The gas distribution grid itself is a storage facility, Watson told the heat pump conference. He suggested that a hybrid gas boiler-heat pump solution is a promising way forward. The multi-stakeholder “Freedom” project in Wales, which trialled such a combo, reduced CO2 emissions from homes by 80% even on natural (not green) gas, Watson said. Digitalisation will help households switch from electricity to gas at the right moments in future, he added. A study by consultancy Navigant earlier this year for a Brussels-based “Gas for Climate" consortium concluded that the cost-optimal use of gas in a net zero emissions energy system is together with heat pumps in buildings that are already connected to the gas grid. This delivers the highest savings cost savings per MWh.

At a power-to-gas conference in Munich, Germany May 16, the official in charge of renewables and CCS at the European Commission, Paula Abreu Marques, said she expected the role of gas to evolve “significantly… We recognise the importance and possibilities of technologies like power-to-gas and their role to tackle climate change.”

Over 300 MW of power-to-gas projects are under development in Germany alone while the Netherlands aims to deliver emissions-free hydrogen at commercial scale by 2030. Companies and governments in the Northern Netherlands unveiled a €2.8bn investment plan in February that is intended to turn their region into a “hydrogen valley”. The initiative is supported by 50 partners from around the world.

As well as plans for small and large-scale electrolysers – including some built directly into wind turbines so that they produce hydrogen, not power – the Dutch intend to upgrade and build gas pipelines, create hydrogen and CO2 storage sites, (partly) convert a 1.32-GW natural gas power plant to hydrogen, and roll out projects for hydrogen fuelling stations and residential heating. The idea is to transform the region’s existing natural gas expertise into green gas expertise. Most of the investment foreseen in the Northern Netherlands is for hydrogen production; only a small part of it is intended to upgrade the existing gas infrastructure.

Yet the need to decarbonise gas in the first place and then adapt the grid to handle it raises questions about the affordability of gas as an alternative to electrification. Eurelectric, the Brussels-based electricity association, expects about half to two-thirds of European buildings’ energy consumption to be electric by mid-century (up from about a third today). That increase is driven by changes in heat pump economics (and considerable energy efficiency improvements).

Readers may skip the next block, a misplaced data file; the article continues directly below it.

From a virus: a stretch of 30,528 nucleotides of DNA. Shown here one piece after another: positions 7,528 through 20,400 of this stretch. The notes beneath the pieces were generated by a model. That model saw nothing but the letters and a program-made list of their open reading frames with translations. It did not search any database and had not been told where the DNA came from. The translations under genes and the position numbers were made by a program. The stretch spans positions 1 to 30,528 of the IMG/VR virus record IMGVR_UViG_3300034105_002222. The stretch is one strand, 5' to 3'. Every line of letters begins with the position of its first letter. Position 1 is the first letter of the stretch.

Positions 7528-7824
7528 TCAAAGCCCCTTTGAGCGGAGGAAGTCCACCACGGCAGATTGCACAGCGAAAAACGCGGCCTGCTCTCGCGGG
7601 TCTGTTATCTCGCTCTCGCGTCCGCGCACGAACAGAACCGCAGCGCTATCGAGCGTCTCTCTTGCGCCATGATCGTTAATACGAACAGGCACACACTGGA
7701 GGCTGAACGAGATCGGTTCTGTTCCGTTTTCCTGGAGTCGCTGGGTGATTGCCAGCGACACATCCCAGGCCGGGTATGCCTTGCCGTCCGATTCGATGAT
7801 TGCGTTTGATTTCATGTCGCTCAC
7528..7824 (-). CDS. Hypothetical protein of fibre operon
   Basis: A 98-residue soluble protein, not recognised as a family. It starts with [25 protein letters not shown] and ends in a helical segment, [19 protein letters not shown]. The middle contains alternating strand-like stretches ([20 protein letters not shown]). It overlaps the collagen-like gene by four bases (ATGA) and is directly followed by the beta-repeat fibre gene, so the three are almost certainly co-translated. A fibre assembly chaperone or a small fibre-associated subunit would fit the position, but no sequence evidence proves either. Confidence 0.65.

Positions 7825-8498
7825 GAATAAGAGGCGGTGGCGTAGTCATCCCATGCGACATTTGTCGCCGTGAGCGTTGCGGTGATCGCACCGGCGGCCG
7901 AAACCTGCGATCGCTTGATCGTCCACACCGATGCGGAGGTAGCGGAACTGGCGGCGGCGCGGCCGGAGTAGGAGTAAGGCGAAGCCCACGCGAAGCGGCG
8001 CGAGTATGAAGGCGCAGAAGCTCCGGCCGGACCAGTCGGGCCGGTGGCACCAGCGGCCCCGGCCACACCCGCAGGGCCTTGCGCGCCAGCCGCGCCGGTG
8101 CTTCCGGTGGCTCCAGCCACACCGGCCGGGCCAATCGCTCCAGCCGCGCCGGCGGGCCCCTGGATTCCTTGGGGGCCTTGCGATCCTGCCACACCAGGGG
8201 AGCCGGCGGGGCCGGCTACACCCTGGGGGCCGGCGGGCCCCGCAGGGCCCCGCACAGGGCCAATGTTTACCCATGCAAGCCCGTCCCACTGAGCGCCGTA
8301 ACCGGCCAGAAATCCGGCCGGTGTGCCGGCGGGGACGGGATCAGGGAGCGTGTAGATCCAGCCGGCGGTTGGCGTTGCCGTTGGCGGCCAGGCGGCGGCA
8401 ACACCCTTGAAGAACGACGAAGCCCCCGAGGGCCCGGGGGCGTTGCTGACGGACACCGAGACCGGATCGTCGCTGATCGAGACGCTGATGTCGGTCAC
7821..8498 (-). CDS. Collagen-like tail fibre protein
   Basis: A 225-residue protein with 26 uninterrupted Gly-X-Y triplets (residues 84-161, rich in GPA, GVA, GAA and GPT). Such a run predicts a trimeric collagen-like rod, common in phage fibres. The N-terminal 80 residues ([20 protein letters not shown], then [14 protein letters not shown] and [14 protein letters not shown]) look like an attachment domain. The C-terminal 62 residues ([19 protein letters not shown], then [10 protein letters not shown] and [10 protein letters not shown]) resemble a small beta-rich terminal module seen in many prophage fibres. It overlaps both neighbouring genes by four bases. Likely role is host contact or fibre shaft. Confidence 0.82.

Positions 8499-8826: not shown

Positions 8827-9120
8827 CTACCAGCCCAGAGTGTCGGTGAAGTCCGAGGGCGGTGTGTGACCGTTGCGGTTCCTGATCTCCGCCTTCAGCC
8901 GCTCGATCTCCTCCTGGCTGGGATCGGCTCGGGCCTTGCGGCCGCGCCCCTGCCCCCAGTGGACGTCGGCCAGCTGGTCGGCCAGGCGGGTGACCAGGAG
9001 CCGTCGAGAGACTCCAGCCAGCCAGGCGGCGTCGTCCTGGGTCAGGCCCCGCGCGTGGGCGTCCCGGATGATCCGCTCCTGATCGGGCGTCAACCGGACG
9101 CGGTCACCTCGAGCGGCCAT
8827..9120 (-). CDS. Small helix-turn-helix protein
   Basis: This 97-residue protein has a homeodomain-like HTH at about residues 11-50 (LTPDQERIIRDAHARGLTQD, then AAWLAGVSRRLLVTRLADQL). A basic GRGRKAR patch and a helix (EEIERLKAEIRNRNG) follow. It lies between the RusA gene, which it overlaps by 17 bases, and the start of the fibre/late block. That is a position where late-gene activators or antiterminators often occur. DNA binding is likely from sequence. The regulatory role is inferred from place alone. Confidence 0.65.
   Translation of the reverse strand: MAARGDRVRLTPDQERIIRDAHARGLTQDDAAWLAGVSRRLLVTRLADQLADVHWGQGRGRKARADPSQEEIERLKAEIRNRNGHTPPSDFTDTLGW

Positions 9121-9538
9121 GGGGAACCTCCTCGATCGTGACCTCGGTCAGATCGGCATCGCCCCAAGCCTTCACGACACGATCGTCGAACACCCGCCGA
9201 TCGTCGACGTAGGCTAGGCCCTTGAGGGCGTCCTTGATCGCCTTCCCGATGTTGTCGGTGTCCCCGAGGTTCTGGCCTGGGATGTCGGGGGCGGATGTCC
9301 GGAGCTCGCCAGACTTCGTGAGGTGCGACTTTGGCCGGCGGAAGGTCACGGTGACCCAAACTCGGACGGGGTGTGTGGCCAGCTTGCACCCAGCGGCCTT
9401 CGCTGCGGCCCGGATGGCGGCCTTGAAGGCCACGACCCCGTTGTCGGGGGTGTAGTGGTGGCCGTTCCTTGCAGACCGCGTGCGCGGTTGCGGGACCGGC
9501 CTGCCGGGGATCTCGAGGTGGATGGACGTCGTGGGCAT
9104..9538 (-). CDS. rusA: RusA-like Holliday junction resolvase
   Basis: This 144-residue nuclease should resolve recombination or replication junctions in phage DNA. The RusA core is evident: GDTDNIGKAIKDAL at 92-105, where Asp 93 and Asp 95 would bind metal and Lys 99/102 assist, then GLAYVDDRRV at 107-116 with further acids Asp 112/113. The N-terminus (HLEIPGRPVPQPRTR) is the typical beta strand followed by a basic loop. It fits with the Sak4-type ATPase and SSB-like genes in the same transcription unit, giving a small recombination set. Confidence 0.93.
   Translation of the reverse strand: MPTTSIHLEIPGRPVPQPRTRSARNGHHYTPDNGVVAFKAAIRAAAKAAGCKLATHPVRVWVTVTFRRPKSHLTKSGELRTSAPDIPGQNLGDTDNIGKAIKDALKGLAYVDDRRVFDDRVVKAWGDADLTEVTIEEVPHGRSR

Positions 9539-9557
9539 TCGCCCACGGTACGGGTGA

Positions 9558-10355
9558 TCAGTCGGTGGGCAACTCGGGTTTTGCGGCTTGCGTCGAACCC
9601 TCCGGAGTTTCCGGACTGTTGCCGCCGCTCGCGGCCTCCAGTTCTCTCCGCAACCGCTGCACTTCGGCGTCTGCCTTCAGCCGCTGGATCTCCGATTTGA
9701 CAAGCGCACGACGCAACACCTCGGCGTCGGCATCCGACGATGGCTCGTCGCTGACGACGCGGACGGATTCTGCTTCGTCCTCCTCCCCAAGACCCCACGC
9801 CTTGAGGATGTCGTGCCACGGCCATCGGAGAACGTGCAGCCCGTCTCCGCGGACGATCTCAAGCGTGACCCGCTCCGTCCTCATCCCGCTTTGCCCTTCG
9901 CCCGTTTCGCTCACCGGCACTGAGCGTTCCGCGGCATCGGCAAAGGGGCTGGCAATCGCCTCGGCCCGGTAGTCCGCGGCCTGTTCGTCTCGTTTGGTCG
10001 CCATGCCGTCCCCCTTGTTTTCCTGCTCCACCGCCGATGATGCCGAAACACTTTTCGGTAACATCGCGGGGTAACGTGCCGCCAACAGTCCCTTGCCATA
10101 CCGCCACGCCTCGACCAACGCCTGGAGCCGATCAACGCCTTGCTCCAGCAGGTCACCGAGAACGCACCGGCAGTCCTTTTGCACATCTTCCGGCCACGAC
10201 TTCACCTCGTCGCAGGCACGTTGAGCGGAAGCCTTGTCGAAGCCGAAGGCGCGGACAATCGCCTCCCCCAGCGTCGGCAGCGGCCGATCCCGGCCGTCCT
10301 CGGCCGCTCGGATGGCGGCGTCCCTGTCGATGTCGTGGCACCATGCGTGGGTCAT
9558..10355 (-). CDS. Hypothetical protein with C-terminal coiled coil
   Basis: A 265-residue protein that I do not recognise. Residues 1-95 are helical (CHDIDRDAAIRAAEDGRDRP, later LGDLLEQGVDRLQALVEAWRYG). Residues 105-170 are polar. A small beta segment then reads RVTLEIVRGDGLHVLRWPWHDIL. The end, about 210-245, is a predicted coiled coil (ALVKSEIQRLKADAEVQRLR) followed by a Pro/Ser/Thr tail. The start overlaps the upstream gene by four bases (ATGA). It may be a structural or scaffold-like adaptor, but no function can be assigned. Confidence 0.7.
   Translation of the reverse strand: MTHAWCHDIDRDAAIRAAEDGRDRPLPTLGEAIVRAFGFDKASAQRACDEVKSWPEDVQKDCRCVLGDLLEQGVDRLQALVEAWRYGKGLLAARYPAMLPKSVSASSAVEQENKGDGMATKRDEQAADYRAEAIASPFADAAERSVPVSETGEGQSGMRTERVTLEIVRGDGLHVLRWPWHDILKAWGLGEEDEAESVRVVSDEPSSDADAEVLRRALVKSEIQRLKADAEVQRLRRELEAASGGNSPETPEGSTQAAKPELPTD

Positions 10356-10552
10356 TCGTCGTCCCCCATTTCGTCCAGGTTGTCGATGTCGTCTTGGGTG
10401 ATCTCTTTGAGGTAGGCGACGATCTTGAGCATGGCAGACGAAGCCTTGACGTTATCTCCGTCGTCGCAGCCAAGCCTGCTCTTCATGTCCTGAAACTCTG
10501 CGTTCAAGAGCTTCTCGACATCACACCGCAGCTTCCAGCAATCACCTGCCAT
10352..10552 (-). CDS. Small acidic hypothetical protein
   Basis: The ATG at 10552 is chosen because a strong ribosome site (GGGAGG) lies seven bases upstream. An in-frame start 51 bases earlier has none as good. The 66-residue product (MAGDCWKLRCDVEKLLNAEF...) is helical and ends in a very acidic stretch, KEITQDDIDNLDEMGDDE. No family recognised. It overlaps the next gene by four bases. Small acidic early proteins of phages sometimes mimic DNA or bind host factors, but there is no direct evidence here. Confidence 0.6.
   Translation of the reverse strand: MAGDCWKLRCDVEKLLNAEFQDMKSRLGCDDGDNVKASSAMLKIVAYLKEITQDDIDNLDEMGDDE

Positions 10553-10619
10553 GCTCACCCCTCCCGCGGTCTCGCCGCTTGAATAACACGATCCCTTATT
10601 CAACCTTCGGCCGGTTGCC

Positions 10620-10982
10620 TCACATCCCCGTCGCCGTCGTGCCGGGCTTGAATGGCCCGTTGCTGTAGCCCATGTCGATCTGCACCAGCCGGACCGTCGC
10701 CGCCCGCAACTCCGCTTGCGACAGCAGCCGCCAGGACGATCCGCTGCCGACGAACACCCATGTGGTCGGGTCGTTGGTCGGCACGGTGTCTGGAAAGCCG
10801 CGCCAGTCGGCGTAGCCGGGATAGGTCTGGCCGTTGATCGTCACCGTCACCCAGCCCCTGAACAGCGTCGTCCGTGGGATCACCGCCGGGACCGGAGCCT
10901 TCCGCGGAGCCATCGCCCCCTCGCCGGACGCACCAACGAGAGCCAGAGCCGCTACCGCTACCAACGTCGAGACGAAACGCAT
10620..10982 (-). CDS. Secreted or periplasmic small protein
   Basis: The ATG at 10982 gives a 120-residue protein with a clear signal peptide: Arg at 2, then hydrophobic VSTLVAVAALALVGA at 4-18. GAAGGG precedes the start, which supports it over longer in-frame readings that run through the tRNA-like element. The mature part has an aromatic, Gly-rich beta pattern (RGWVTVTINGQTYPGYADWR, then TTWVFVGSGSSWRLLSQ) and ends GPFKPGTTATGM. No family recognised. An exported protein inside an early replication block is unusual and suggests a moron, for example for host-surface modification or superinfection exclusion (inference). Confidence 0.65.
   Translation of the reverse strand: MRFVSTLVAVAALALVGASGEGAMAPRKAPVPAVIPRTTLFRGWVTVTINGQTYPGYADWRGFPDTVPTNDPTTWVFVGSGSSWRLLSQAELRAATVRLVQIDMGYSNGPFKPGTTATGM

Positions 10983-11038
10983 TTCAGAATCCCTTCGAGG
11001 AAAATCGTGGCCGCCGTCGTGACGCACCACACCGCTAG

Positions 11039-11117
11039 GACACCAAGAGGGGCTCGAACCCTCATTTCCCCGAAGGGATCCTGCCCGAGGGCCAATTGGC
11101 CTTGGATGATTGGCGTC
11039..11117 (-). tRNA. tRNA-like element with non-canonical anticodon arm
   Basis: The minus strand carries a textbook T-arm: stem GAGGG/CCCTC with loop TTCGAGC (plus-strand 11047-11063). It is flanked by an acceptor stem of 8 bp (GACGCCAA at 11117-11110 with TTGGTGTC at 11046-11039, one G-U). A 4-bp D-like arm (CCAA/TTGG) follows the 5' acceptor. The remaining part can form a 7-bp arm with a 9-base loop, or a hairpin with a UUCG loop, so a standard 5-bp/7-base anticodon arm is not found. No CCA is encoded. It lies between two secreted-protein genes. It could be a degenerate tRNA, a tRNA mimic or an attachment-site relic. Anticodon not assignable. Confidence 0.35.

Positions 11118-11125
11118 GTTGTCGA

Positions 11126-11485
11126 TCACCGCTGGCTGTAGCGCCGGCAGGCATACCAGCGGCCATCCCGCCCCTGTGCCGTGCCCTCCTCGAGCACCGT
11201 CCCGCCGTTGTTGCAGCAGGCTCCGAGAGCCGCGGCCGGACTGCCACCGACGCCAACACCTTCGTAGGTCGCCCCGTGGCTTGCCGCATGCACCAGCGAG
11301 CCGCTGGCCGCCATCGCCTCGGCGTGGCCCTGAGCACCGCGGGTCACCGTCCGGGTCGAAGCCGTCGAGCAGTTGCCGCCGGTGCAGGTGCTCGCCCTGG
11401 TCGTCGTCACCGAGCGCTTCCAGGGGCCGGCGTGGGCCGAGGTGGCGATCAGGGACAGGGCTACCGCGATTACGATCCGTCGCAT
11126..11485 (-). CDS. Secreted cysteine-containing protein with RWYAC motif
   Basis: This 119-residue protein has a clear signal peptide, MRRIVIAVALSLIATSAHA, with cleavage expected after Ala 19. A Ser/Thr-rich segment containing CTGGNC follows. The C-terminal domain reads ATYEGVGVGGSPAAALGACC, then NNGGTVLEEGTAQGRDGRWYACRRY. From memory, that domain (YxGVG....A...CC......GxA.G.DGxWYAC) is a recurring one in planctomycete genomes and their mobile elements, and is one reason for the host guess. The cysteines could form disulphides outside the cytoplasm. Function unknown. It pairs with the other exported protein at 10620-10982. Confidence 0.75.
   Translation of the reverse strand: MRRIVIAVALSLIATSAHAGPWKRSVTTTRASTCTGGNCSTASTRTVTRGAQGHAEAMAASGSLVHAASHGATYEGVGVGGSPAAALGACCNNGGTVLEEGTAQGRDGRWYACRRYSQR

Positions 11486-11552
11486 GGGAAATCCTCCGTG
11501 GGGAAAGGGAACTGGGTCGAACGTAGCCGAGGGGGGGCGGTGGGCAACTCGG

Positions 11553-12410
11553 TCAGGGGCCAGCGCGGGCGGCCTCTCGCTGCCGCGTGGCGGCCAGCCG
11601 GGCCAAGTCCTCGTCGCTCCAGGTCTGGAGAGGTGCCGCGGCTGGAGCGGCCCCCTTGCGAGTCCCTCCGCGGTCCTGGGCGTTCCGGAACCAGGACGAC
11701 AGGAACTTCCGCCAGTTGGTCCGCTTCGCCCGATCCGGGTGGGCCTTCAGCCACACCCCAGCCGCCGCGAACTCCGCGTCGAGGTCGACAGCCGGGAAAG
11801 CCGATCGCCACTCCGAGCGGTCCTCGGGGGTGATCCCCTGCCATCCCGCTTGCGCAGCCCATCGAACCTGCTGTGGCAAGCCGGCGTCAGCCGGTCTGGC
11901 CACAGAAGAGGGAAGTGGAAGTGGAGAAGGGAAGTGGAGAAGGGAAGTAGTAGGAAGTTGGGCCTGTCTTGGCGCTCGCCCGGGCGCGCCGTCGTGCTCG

Heat pumps grew by double-digit figures (12%) for the fourth year in a row in 2018, reported the sector last week. There are nearly 12mn of them installed in Europe now, or about one for every ten buildings. One of their biggest challenges is high power prices. Even so, heat pumps are an economical choice in many markets. An electricity tax reform is on the cards in others.

Brussels itself is looking to take a more active role on tax reform with a proposal from the Commission to move from unanimity to qualified majority voting on tax issues, notably also with a view to addressing climate change. Member states have yet to react. European energy infrastructure policy is also likely to be reviewed. The European Parliament and stakeholders such as municipal utilities have called for a review of the Trans-European Networks for Energy (TEN-E) regulation. This decides which projects are European priorities - and thereby eligible for regulatory fast-tracking and EU funding. It has traditionally supported transmission-level projects, mostly gas, but with a shift to electricity in recent years. Now there are calls for it to focus much more on the distribution level. That would also open it up to the heating sector. 

But will the smart, local projects that it picks out be electricity- or gas-based? Or hybrids of the two? By the same token, could the “gas package” that the European Commission has tentatively announced for 2020 become a “heating” package instead? The latter is certainly what Acke and a sector like heat pumps are suggesting.

No one disputes that gas – and once again in Europe that ultimately means green gas – is part of the future energy system. It will be essential in industry and for balancing out variable renewables such as wind and solar. Where views differ is at what point local gas networks start making the energy transition less rather than more affordable.


The Brussels Conversation

Monthly column by Sonja van Renssen from the EU capital on the developments affecting natural gas.